Extensive knowledge of raw materials is the starting point; coupling this to nutritional requirement of the animals results in the best advice for SFR clients.

Nutritional consultancy, worldwide

The world population is increasing, and so is prosperity: “This means that meat consumption worldwide will continue to increase, and that we need to intensify production”, says Jan Fledderus, product manager swine and consultant at Schothorst Feed Research.

“To feed the world, we need to produce safe, affordable and healthy food in an efficient way”, he emphasizes.

Fledderus joined SFR last year, after a long career in the feed industry, working for international feed manufacturers. In his new role as swine consultant worldwide, he benefits from his experience in feed formulation, combined with his scientific background in pig nutrition.

“At SFR, we have the knowledge and the expertise to support nutritionists all over the world to improve pig nutrition in their specific situation”, Fledderus explains. “A big advantage of SFR is that we provide independent advice: we do not sell premixes or additives, we have a load of research data available to provide solid backgrounds on the effects of feed composition on animal production, health parameters and the environment.”

Fledderus sees room for improvement worldwide mainly in further development of feed evaluation, and the application of extensive data on raw material composition and processing effects. Nowadays, more than fifty percent of turnover in SFR products and services is attained outside of The Netherlands, and Fledderus expects that this share will increase further in the future: “Especially our Asian market is developing fast.”

Challenges in swine production
Nowadays, swine production faces many challenges: “We need to increase production efficiency, reduce the use of antibiotics, improve animal health and welfare, and reduce the environmental impact of animal husbandry”, summarizes Fledderus. “Fortunately, here in The Netherlands we have a wealth of knowledge and experience on these subjects. This knowledge and expertise is very valuable for countries all over the world.” Fledderus refers to the use of by-products in swine feed: “More than fifty percent of our growing pigs in The Netherlands are fed on liquid diets containing wet and dry by-products from the food industry.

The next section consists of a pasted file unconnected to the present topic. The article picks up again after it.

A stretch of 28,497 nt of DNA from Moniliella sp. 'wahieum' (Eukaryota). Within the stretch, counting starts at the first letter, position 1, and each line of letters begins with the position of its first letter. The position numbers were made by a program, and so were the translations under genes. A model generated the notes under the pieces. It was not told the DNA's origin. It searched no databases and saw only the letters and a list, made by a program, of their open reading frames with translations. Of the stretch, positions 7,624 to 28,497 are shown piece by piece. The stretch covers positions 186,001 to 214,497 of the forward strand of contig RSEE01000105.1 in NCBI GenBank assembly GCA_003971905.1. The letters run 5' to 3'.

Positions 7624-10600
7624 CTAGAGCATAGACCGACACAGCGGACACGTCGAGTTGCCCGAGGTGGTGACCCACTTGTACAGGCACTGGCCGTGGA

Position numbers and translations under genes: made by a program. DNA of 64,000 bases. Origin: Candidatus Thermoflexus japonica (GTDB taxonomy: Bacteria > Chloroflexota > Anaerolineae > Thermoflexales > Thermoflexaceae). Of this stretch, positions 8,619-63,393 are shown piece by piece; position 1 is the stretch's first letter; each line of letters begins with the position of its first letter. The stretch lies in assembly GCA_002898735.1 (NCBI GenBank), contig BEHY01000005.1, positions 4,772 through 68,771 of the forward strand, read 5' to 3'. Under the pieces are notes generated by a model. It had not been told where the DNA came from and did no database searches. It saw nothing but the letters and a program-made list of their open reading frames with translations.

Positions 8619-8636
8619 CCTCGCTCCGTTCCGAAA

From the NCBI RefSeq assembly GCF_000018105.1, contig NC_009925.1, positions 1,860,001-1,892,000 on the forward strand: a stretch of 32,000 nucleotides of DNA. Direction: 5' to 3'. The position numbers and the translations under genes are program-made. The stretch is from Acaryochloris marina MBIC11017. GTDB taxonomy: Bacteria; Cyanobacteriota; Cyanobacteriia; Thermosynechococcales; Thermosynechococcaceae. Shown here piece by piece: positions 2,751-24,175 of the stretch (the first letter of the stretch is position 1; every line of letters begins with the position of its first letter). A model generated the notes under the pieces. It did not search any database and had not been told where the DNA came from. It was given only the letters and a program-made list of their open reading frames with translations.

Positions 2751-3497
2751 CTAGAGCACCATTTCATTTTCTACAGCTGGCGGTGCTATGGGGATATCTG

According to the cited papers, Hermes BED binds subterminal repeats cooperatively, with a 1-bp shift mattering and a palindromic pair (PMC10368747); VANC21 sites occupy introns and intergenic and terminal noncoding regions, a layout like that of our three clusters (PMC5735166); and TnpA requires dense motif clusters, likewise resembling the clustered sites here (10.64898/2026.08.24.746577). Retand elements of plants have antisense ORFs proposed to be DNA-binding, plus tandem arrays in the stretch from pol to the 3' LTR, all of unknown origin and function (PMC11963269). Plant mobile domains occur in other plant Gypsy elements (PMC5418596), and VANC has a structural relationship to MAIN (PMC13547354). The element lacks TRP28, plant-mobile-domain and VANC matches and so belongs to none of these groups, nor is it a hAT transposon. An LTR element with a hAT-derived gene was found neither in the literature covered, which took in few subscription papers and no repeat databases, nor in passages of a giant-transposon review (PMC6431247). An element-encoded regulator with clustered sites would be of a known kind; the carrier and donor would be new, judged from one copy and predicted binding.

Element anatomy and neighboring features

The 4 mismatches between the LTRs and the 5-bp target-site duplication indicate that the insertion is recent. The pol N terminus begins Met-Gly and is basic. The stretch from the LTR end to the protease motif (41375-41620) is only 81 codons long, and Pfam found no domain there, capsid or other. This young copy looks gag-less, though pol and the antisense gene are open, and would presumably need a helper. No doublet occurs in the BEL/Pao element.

In our country, we have a lot of data on a broad variety of feed ingredients, processing and feed quality.”

In the Western world, and especially in The Netherlands, ninety percent of the population is not actively involved in food production, five percent works in the agricultural sector (farmers, feed and food production) and the remaining five percent feels connected to ngo’s related to animal welfare and environmental issues. These ngo’s have better communication and lobbying skills than the agricultural sector and, therefore, have a strong influence on society and politics, sees Fledderus.

“The fact that political discussions are often based on model calculations and societal perceptions, and not on scientific facts and measurements is a threat for effective and sound government’s policy”, says Fledderus. “As a consequence, it is hard for Dutch and European pig farmers to make management decisions for the future of their enterprise.”

Nevertheless, Fledderus does not foresee a bleak future for Dutch pig farmers, but it remains hard to predict how much room for pig production will remain in The Netherlands: “Developments in society and politics are unclear at the moment, but in my opinion pig production in closed barns, with air washers, does not impose a threat to air quality in the environment. Our advanced swine sector is very capable to produce pigs in a sustainable,  animal and environmental friendly, manner.”

Another issue that Fledderus touches upon is the import of nutrients from other parts of the world into Europe: “This leads to an environmental burden that largely might be solved by allowing export of swine manure to Eastern Europe. In the eastern part of Germany, there is a need for manure to sustain soil fertility.”

Big data
SFR has developed a large database containing nutritional composition of many raw materials. ”We are continuously expanding this database, to include all ingredients that are used in animal nutrition all over the world. These data help us to provide custom-made advice for our clients in Europe and abroad”, says Fledderus. “We actively collect data on feed materials from various parts of the world. Rice by-products, e.g., are widely available in Asian countries, so we need to collect nutritional data on such commodities to accommodate the questions we receive from our customers in that part of the world.”

The MySFR tool is developed to provide insight to nutritionists. MySFR enables nutritionists to implement the database into their own formulation software. “The software tool helps us as consultants to discuss options and consequences of choices in feed formulation”, Fledderus explains. “Our data and calculation tools are based on solid and extensive research, and therefore yield predictable outcomes for pig farmers.”

As a consultant, Fledderus uses the tool to evaluate different choices in feed formulation. “Performing these calculations together with the nutritionist, and discussing the effects and consequences eventually brings us to a tailor-made advice. Also, it gives me valuable insights in market developments. Discussing these insights with the researchers at SFR and with our technical committee members helps us to focus our research and develop new products and services for our customers.”

Extensive knowledge of raw materials is the starting point; coupling this to nutritional requirement of the animals results in the best advice for SFR clients.

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